I am not talking about surviving. I am not talking about becoming human, but about how I came to realize that I had always already been human. I am writing about all that I wanted to have, and how I got it. I am writing about what it cost, and how I was able to afford it.Jan Grue
Jan Grue has written several books prior to this memoir though it always explores the theme of embodiment. I Live a Life Like Yours might just give the context behind why this is the focus of his work. Having been diagnosed with spinal muscular atrophy at the age of three, this is a memoir that focuses on this diagnosis and what it means as far as everyday living goes for Jan. A tale about love as much as it is about grief, suffering and a world that is full of obstacles for those not considered “normal.”
Jan Grue was born in 1981 in Oslo. The author of a wide-ranging body of work in fiction, nonfiction, children’s books, and academic literature, he is also Professor of Qualitative Research at the University of Oslo. I Live a Life Like Yours was published in Norway in 2018 and has been hailed as a major milestone in Norwegian non-fiction. It is the first Norwegian non-fiction book to be nominated for the Nordic Council’s Literature Prize in 50 years.
And now, thanks to Becky Crook’s translation, we are able to enjoy it over in the UK also. With no chronological order to the book, Jan shifts between specific periods of his life; from his youth with his parents and sister in Norway; his years of study in Berkeley, St. Petersburg, and Amsterdam; and his current life as a professor, husband, and father, and what all of these have entailed. He intersperses these histories with poignant and astute reflections on the world, social structures, disability, loss, relationships, and the body: in short, on what it means to be human. Simultaneously, Grue investigates the story of others, incorporating reflections on philosophy, film, art, and the work of writers from Joan Didion to Michael Foucault. He revives the cold, clinical language of his childhood, drawing from a stack of medical records that first forced the boy who thought of himself as “just Jan” to perceive that his body, and therefore his self, was defined by its defects. Curious about the world that enveloped him with an abundance of obstacles to derail on a daily basis, this is a considered and enrichening biography.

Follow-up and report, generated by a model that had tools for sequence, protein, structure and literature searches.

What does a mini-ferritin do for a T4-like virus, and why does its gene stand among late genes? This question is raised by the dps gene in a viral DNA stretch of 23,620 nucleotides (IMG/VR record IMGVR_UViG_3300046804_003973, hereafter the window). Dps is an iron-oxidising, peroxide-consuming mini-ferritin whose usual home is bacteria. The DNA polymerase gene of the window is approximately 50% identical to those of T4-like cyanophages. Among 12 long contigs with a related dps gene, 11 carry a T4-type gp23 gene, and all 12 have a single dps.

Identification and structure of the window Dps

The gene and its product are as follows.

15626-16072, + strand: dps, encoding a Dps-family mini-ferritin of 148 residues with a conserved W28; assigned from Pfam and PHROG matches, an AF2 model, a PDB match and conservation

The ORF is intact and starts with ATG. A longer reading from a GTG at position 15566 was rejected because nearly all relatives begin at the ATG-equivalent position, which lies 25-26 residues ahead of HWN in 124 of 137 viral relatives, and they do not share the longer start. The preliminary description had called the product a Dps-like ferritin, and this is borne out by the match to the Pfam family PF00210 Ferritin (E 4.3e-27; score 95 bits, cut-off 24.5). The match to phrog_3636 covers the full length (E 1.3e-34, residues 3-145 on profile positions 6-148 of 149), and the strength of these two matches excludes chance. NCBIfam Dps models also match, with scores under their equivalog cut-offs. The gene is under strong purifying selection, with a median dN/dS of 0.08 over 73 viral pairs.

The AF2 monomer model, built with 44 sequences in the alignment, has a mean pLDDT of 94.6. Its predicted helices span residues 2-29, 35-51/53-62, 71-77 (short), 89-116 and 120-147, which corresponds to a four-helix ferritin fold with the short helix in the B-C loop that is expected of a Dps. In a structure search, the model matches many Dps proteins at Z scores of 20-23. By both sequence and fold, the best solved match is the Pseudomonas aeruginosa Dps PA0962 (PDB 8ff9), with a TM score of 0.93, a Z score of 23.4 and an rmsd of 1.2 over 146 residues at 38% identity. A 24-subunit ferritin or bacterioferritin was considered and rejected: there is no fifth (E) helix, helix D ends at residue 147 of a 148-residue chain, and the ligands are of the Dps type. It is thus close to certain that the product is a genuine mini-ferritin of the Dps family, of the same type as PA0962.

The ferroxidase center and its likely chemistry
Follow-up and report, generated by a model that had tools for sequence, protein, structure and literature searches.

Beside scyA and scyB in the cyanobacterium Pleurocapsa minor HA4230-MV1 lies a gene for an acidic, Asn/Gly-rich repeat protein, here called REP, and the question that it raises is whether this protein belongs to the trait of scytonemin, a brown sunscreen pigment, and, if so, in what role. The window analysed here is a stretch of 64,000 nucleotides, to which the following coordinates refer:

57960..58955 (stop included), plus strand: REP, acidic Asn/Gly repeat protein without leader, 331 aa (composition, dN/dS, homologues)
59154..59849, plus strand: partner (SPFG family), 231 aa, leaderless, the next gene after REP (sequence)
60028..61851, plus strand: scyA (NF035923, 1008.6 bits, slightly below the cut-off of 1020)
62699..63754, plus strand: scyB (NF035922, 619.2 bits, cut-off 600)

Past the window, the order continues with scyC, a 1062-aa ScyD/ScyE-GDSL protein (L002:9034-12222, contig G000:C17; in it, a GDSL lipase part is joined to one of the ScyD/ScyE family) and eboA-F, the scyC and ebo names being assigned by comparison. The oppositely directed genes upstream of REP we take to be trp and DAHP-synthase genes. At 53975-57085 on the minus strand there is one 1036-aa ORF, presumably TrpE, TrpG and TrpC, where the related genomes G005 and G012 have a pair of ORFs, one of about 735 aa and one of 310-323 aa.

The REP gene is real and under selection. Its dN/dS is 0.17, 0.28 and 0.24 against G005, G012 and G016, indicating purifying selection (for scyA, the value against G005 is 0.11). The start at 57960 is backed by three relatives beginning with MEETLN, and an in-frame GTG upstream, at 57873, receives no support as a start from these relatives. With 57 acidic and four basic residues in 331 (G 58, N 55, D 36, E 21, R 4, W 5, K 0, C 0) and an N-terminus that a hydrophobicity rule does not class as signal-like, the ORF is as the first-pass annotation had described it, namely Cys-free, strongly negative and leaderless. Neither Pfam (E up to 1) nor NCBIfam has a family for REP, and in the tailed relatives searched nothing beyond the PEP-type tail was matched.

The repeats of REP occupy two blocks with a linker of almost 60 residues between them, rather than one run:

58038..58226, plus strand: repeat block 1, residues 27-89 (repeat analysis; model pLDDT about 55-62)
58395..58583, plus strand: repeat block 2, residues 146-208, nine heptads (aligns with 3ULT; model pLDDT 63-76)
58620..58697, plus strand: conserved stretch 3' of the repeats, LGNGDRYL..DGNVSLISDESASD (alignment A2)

I Live a Life Like Yours is a tale exploring loss, sorrow, and humour and joy where very much needed: Ida pushing Grue through the airport and forgetting him next to the baggage claim; schoolmates forming a chain behind his wheelchair on the ice one winter day; his parents writing desperate letters in search of proper treatment for their son; his own young son climbing into his lap as he sits in his wheelchair, only to leap down and run away too quickly to catch. This book is a heartfelt and insightful story about accepting one’s own body and limitations, and learning to love life as it is while remaining open to hope and discovery. Grue handles this balance impeccably and has you too stretching within yourself for how we could all change our attitudes and formulate more hopeful ways of interpreting and navigating the world. Stunning writing with life-affirming reflections.
I Live a Life Like Yours is out on 4 November, published by Pushkin Press